Markets & Finance

Charlie Rose Talks to David Einhorn


How does the global economy look to you right now?
The global economy, as I see it, is sort of in a period between two crises. We had a crisis in 2007-2008. Call it the private-sector banking crisis or the real estate bubble popping. But I think it's sort of laid the seeds for what will eventually turn out to be another crisis. There is a lot of unfinished business.

What sort of unfinished business?
Well, I think what we did in the last crisis in resolving it was—rather than go to the root of the crisis, tally up the damage, allot the losses, clean up, fix things, and move on—I feel like a lot of what we did was sort of sweep things under the rug and put short-term bandage fixes on things. And I think we managed to transfer a lot of the problems from the private sector to the public sector. I'm concerned that will eventually threaten the public sector as well.

In what way?
There were a lot of bad loans made, and we had an opportunity to recognize those losses, clean up the mess, set a base for future growth. Instead, what we decided to do was paper over the problems. We bailed out a lot of institutions. We bailed out a lot of people that had positioned themselves incorrectly. It's created a very, very large budget deficit. And it's created a monetary policy that is extremely easy, and it seems to be perpetuating itself in a way that I think is going to come to a tough spot.

What do you think of the Federal Reserve and quantitative easing?
I think essentially it's the wrong thing to do. I think it will be counterproductive. The goal of the quantitative easing right now is to raise the inflation rate. That's what they say. They think inflation is unacceptably low, and there is a great deal of concern about deflation. Let's talk about deflation for a moment.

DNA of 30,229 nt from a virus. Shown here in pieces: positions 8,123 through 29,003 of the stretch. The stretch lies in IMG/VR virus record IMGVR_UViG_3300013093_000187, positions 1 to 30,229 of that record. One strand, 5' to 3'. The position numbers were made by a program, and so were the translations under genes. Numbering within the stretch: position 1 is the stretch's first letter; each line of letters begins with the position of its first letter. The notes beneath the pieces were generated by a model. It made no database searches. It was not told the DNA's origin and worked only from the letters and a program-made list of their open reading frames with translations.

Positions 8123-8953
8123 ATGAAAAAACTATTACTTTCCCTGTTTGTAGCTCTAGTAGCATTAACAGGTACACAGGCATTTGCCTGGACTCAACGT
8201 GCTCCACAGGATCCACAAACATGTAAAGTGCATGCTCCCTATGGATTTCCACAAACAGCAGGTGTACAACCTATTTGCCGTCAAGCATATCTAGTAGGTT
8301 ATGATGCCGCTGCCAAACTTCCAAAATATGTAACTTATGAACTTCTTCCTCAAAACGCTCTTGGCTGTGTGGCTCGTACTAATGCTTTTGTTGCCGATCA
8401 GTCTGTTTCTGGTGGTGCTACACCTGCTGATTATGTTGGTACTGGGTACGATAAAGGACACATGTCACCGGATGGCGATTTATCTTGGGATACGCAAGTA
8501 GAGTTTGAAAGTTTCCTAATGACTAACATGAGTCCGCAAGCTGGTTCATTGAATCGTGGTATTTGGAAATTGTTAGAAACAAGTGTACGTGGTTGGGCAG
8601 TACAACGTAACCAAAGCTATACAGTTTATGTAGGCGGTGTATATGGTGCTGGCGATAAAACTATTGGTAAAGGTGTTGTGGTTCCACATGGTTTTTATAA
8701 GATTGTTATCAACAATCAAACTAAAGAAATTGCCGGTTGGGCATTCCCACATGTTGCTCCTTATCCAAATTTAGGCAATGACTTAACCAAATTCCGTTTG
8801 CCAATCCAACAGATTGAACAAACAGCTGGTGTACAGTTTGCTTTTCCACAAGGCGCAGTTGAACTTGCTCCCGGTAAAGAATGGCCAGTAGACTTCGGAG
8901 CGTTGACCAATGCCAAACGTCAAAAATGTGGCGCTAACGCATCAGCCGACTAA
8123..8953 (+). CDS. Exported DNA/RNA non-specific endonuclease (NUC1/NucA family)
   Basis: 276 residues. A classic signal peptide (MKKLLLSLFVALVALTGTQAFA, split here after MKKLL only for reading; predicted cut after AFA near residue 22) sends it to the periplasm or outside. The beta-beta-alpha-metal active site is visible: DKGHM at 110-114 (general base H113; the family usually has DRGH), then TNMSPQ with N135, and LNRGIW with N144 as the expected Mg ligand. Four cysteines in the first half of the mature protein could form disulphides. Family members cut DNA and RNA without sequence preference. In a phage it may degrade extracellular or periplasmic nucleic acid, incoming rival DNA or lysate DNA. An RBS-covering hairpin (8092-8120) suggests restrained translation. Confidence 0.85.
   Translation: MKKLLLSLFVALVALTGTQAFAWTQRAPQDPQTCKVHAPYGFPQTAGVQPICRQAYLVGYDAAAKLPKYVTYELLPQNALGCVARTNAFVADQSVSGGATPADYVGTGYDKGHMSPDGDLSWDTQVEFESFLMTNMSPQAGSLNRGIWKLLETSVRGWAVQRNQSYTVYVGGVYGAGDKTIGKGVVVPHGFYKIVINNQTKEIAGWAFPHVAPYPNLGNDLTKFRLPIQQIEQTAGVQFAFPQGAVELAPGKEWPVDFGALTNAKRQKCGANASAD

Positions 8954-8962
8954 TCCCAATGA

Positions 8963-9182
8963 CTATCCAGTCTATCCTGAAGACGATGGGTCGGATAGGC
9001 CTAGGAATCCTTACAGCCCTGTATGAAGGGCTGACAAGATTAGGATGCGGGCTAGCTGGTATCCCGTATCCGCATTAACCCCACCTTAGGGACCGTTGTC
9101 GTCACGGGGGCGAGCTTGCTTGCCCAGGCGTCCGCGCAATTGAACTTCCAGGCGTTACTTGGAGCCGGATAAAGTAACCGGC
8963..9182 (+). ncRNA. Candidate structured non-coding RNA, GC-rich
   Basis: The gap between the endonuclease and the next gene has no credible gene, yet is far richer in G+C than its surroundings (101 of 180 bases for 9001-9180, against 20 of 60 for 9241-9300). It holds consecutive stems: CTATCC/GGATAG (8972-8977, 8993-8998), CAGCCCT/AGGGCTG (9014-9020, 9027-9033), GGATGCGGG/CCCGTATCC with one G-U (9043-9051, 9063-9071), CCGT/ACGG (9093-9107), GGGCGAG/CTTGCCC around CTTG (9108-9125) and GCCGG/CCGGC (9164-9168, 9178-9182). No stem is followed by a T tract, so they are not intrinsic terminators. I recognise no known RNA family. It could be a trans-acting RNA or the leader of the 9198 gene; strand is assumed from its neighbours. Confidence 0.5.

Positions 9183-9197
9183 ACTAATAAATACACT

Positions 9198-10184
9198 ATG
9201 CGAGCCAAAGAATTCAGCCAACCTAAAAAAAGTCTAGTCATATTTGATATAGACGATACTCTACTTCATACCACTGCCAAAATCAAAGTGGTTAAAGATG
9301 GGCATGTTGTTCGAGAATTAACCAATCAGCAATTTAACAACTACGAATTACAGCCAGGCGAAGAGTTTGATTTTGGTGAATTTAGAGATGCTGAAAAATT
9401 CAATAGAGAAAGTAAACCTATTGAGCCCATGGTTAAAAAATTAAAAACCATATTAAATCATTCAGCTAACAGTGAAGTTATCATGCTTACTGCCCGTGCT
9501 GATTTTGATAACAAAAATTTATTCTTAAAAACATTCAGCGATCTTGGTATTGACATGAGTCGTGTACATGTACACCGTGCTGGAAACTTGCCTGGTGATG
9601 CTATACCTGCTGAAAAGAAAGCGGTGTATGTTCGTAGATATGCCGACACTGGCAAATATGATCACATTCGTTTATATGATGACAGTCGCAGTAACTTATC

Let's just say Apple (AAPL) fixes the components in the iPhone so that the battery lasts twice as long as before. Then Apple sells you that same phone with the same components with twice as good a battery for the same price. The way the economists look at that, they'll say that iPhone is 15 percent better than the old iPhone that you could have got at the same price—and that is deflation. What I don't understand is, why do we need to have a policy response to fight that behavior? Who is harmed by the fact that Apple can make an iPhone with twice the battery and sell it to you at the same price?

So you like Apple.
Very much. Apple is an interesting company because it has arguably one of the best brands in the country. It's growing at an enormous rate. And the growth effectively feeds on itself because when you buy one Apple product, you want to buy another because they're so nicely compatible. The result is that businesses, which for a generation essentially avoided Apple products, are adopting them now because of the demand from the employees. They come in with their iPhones and they say, "I want you to support this with my e-mail." That's a powerful growth story. With the introduction of the iPad, it's sort of reaching a critical mass right now.

What is it you like about what you do? Because you didn't set out to run hedge funds.
What I like is solving puzzles. I think that what you are dealing with here is incomplete information. You've got little bits of things. You have facts. You have analysis. You have numbers. You have people's motivations. And you try to put this together, decode the puzzle in a way that allows you to have a way better than average opportunity to do well. That's the best part of the business.

Did they take the right steps with financial regulatory reform?
I think what happened was Washington essentially said, "We will let Wall Street off the hook if Wall Street allows Washington off the hook." So I think that the reform doesn't go after any of the obvious issues identified in the crisis.

The political judgment seems to be that regulators didn't have the tools they needed.
I disagree. The problem was that the laws were not enforced. After Enron you had Sarbanes-Oxley, and there have been hardly any prosecutions under it.

You put in a tough anti-fraud law. The CEO has to sign there is no fraud. The CFO has to sign that the financial statements are correct. If not, there are going to be criminal consequences....But then they didn't enforce it. Once the bad guys figured out that the law wasn't being enforced, it effectively provided cover, because everybody said, "Look, we have the tough anti-fraud law. The fraud must have gone away."

Watch Charlie Rose on Bloomberg TV weeknights at 8 p.m. and 10 p.m.

Emmy Award-winning journalist Charlie Rose is the host of Charlie Rose, the nightly PBS program.

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